Age-dependent effects of dimethyl fumarate on cognitive and neuropathological features in the streptozotocin-induced rat model of Alzheimer’s disease

Irena Majkutewicz , Ewelina Kurowska , Magdalena Podlacha , Dorota Myślińska , Beata Grembecka , Jan Ruciński , Karolina Pierzynowska , Danuta Wrona


We previously demonstrated that dimethyl fumarate (DMF), an anti-oxidative and immunosuppresive compound, prevents intracerebroventricular (ICV) streptozotocin-induced disruption of spatial memory and neurodegeneration in 4-month-old rats. The present study evaluated the influence of age on DMF’s therapeutic effect. Aged rats (22-months-old, n = 40) were provided rodent chow containing DMF (0.4%) and given ICV injections of streptozotocin (STZ) or vehicle (Sham) on days 2 and 4. Spatial memory was evaluated using the Morris water maze (MWM) on days 14–21. Hippocampal samples from young (4- month-old, n = 36, collected previously) and aged rats were assessed for presence of activated (CD68- positive) microglia, IL-10 and oxidative/nitrative stress marker nitrotyrosine. Aged rat samples were also stained with Fluoro-Jade B marker for neurodegeneration. Previously obtained MWM and Fluoro-Jade B data from young rats served as a reference for assessing impact of age. Aged Sham DMF-fed rats exhibited better spatial memory and less neurodegeneration in the CA3 region of the hippocampus compared to corresponding young rats. Aged STZ rats displayed greater memory impairment and increased CA2 neurodegeneration, CA1 nitrotyrosine immunoreactivity, and microglial activation in the dentate gyrus (DG), compared to young STZ rats. Notably, within aged STZ-injected rats, DMF treatment was associated with improved performance in MWM, reduced neurodegeneration in all hippocampal areas, reduced DG microglia activation, and reduced CA1 nitrotyrosine labeling compared to age-matched rats without DMF treatment. This beneficial age-related effect of DMF treatment after STZ ICV injections may result from reduced microglial activation in the hippocampus that leads to an alleviation of oxidative stress, neurodegeneration, and memory impairments.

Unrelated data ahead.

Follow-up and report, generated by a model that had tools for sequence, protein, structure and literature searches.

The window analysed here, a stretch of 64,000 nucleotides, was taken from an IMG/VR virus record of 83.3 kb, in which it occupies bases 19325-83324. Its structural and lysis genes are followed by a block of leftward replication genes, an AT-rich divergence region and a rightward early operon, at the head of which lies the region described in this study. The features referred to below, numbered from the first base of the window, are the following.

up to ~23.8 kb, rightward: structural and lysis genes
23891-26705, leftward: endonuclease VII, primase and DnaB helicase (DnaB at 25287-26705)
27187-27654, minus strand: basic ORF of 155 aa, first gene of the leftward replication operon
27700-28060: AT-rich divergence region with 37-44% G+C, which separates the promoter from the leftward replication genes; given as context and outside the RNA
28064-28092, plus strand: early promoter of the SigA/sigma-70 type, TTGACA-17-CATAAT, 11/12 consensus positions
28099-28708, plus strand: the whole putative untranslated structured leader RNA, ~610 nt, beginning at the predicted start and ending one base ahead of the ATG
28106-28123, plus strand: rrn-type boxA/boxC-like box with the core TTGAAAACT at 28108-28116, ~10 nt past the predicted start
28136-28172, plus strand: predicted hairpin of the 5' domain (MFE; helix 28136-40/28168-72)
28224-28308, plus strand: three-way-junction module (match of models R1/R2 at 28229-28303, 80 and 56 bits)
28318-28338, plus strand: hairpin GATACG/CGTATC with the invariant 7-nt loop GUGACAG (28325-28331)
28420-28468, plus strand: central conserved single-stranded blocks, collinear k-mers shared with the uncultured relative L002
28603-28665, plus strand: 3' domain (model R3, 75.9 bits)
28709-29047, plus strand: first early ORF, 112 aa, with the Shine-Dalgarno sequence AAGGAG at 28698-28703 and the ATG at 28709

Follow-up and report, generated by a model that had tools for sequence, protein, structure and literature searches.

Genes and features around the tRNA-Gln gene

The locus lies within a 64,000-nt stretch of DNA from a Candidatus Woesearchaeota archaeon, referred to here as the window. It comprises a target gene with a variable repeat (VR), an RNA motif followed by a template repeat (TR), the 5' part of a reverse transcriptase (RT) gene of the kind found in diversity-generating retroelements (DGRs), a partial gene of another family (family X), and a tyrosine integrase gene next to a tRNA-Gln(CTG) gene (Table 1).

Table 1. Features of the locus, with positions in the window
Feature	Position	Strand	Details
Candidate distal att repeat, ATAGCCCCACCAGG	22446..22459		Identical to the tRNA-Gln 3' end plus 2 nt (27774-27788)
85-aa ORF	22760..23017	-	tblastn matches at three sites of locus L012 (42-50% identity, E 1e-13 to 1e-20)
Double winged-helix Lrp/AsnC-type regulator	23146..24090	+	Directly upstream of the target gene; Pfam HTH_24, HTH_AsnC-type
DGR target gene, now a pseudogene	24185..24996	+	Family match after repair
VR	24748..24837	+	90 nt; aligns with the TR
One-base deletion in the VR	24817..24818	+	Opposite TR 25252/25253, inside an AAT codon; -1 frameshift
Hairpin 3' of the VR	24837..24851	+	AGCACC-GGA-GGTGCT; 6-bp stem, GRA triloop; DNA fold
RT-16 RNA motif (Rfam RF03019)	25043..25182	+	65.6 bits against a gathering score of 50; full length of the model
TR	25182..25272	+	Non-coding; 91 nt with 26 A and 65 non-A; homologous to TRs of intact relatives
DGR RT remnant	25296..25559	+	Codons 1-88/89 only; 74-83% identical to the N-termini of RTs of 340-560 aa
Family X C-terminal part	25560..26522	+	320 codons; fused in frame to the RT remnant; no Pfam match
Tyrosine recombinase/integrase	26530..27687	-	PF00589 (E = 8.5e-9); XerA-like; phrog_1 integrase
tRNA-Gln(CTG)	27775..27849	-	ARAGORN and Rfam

Author Irena Majkutewicz (FB / DAHP)
Irena Majkutewicz,,
- Department of Animal and Human Physiology
, Ewelina Kurowska (FB / DAHP)
Ewelina Kurowska,,
- Department of Animal and Human Physiology
, Magdalena Podlacha (FB / DAHP)
Magdalena Podlacha,,
- Department of Animal and Human Physiology
, Dorota Myślińska (FB / DAHP)
Dorota Myślińska,,
- Department of Animal and Human Physiology
, Beata Grembecka (FB / DAHP)
Beata Grembecka,,
- Department of Animal and Human Physiology
, Jan Ruciński (FB / DAHP)
Jan Ruciński,,
- Department of Animal and Human Physiology
, Karolina Pierzynowska (FB / DMoB)
Karolina Pierzynowska,,
- Department of Molecular Biology
, Danuta Wrona (FB / DAHP)
Danuta Wrona,,
- Department of Animal and Human Physiology
Journal seriesBrain Research, ISSN 0006-8993, (A 25 pkt)
Issue year2018
Publication size in sheets0.7
Keywords in Englishdimethyl fumarate, memory disorder, streptozotocin, neurodegeneration, microglia, Alzheimer’s disease, age
ASJC Classification1309 Developmental Biology; 2728 Clinical Neurology; 1312 Molecular Biology; 2800 General Neuroscience
Languageen angielski
Score (nominal)25
Score sourcejournalList
ScoreMinisterial score = 25.0, 28-01-2020, ArticleFromJournal
Publication indicators WoS Citations = 3; Scopus SNIP (Source Normalised Impact per Paper): 2018 = 0.864; WoS Impact Factor: 2018 = 2.929 (2) - 2018=2.937 (5)
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